The first treatment decision prompted by Parasite Watch for Alan Smellie near Peebles was to do nothing at all. On account of the mild wet winter and good number of ewes spending time on known high fluke risk ground, his 1,200 ewes were tested for liver fluke before lambing.
"Of course, it's great to save money by avoiding unnecessary medicine use," says Alan. "But more important still is knowing that treatment wasn't needed."
This illustrates perfectly Alan’s reasons for becoming a Parasite Watch farm in the first place. Rather than dosing by the calendar - whether for roundworms, Nematodirus or fluke - he is eager to give treatments only when they are justified.
Last year before joining the programme, he carried out post-treatment tests to assess wormer efficacy, and will repeat the exercise this summer. "We need to know which medicines are fully effective and any that are not," he explains. "It's not something you can guess or judge by eye."
Overall, Alan is looking for three main gains from Parasite Watch:
1) Healthy ewes and lambs, high productivity, low mortality, good welfare.
2) Efficient and cost-effective use of medicines when they are justified, and a good return on investment as a result.
3) Surveillance and early warning of a decline in efficacy of wormers and flukicides against the threat of parasites.
The flock comprises a breeding group of 400 Scottish Blackface ewes bred to Blueface Leicester tups, producing Greyface Mule ewe lambs. Alongside 800 Greyface Mule ewes, which are bred to Suffolk and Texel tups, producing finished lambs mostly sold on a deadweight basis. "The kill-sheets tell you a lot about the lambs you've just sent," says Alan.
This is another example of taking information and turning it into intelligence on which to base good decisions. Clearly, Alan exemplifies this in practice. For sheep farmers everywhere, this is what Parasite Watch aims to help create: Evidence-based decisions about what to treat, when to do it, and when not to. This localised early warning system uses 15 farm-based intelligence hotspots.
Diagnostic samples are being taken on each farm and from these, real time information is available to farmers about challenges in their local area from four key parasite types:
– Gastrointestinal worms – regular faecal egg counts (FECs) and growth rate monitoring to check for the onset of parasitic gastroenteritis.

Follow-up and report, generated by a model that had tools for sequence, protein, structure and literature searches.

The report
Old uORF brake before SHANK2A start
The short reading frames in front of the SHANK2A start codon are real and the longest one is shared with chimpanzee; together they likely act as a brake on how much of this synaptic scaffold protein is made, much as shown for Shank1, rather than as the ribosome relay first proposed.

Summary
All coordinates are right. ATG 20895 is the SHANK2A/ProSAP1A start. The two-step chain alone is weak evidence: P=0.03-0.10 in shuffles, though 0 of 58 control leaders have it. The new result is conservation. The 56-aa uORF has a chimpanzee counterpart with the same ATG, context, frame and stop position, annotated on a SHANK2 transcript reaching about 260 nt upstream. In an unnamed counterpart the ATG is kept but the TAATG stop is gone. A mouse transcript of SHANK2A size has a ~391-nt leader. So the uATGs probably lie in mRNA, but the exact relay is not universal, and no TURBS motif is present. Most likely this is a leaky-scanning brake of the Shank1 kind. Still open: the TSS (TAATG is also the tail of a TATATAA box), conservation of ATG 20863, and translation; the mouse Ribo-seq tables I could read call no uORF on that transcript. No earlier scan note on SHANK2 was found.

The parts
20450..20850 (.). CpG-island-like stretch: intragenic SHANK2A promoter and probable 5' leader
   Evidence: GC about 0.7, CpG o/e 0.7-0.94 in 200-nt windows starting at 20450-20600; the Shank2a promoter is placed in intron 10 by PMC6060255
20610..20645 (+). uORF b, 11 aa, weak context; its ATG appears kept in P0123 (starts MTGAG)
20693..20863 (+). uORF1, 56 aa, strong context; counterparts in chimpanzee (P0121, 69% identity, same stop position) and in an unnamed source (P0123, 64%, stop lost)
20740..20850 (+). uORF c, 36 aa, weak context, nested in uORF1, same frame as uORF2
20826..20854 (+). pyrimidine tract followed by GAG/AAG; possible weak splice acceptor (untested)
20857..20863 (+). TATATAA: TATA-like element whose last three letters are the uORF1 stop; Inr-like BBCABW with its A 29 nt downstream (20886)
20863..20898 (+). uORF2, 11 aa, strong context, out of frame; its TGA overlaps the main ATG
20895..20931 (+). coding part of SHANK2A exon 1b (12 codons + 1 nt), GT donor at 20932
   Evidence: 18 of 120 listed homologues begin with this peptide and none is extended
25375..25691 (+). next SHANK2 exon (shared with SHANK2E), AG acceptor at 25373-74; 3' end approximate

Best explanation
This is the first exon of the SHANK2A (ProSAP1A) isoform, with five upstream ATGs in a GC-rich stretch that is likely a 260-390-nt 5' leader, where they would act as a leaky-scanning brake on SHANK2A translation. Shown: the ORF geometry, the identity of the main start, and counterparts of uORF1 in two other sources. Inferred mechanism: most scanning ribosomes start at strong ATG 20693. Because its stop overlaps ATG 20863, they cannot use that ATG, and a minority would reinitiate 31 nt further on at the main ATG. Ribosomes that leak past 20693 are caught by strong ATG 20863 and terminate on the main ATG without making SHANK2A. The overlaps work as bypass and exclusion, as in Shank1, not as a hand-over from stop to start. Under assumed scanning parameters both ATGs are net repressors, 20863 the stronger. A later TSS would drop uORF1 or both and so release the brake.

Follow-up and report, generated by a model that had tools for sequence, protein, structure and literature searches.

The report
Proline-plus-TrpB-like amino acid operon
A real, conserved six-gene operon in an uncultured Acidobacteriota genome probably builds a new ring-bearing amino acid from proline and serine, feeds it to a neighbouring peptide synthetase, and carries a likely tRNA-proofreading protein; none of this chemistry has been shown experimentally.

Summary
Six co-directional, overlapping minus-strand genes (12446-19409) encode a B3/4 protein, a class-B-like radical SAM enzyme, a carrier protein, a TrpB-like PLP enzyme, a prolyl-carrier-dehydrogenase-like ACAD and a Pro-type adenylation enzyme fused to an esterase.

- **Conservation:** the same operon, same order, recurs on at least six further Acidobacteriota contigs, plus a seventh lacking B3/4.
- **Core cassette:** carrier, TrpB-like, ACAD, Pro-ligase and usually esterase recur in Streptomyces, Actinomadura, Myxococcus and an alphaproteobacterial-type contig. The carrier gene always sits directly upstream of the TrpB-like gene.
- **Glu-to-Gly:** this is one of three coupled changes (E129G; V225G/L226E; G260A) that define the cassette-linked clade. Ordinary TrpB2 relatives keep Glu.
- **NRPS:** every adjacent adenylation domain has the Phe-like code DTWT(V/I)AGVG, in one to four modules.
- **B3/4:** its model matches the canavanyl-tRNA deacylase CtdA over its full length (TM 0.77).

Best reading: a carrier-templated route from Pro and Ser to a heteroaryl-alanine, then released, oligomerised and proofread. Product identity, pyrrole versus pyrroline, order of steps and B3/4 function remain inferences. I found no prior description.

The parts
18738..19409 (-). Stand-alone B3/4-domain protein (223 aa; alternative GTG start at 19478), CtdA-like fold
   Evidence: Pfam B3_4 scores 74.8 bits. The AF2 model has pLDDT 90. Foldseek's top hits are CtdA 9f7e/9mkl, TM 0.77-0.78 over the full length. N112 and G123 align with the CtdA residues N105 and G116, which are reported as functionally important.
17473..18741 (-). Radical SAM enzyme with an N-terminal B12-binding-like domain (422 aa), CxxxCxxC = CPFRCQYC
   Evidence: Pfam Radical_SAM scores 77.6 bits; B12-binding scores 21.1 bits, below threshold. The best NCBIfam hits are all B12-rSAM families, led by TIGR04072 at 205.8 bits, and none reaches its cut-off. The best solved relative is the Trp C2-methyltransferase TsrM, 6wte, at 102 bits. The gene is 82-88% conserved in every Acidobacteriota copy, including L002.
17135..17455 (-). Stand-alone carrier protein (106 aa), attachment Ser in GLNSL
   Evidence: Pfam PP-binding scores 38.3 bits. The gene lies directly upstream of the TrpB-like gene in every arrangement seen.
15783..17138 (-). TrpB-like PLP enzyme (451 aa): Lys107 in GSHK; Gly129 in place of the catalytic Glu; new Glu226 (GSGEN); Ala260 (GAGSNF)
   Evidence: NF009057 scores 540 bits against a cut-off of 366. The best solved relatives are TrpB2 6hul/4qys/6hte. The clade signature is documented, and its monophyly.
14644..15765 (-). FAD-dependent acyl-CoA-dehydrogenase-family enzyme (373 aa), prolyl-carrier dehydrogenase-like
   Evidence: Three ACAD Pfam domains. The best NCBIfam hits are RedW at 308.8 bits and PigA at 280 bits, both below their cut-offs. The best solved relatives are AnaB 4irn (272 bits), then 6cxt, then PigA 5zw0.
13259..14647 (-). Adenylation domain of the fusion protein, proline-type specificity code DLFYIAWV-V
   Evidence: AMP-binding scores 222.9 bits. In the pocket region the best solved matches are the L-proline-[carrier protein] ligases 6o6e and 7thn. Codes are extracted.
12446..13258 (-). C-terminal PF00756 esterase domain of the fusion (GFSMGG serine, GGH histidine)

– Nematodirus – regular FECs, weather data and other sources to give an indication of disease risk on sentinel farms.
– Liver Fluke – using risk and weather data, coupled with regular sampling on Parasite Watch farms, to provide early notice of predictable threats.
– Flies – data from Parasite Watch farms to prompt early warnings, possibly before they are noticeable around livestock, that fly populations are multiplying quickly.
Overall, the aim of Parasite Watch is to promote timely decisions by farmers in conjunction with their SQP animal health adviser or vet. The data collection process is led by Zoetis vets, who also provide commentary and early warnings of parasite outbreaks and advice on challenges that could threaten sheep wellbeing and productivity.
By using FECs, data on gastrointestinal worms and Nematodirus are collected fortnightly. Liver fluke levels are assessed every quarter, and fly populations every week. New data is supplied regularly to the farming press and published online to give intelligence-based snapshots of parasite outbreaks across the UK.
In addition to data, Alan and his fellow Parasite Watch farmers have also agreed to share their observations on Twitter via @Sheep_Farmers. Our aim is to create a resource of real-world and real-time sheep farming information that can help improve health and welfare decisions, and sheep enterprise productivity.
For further information, please contact Zoetis UK Ltd, Walton Oaks, Dorking Road, Walton on the Hill, Tadworth, Surrey, KT20 7NS. Customer Support 0845 3008034. www.zoetis.co.uk. Always seek the advice of your medicines provider. Use medicines responsibly (www.noah.co.uk/responsible).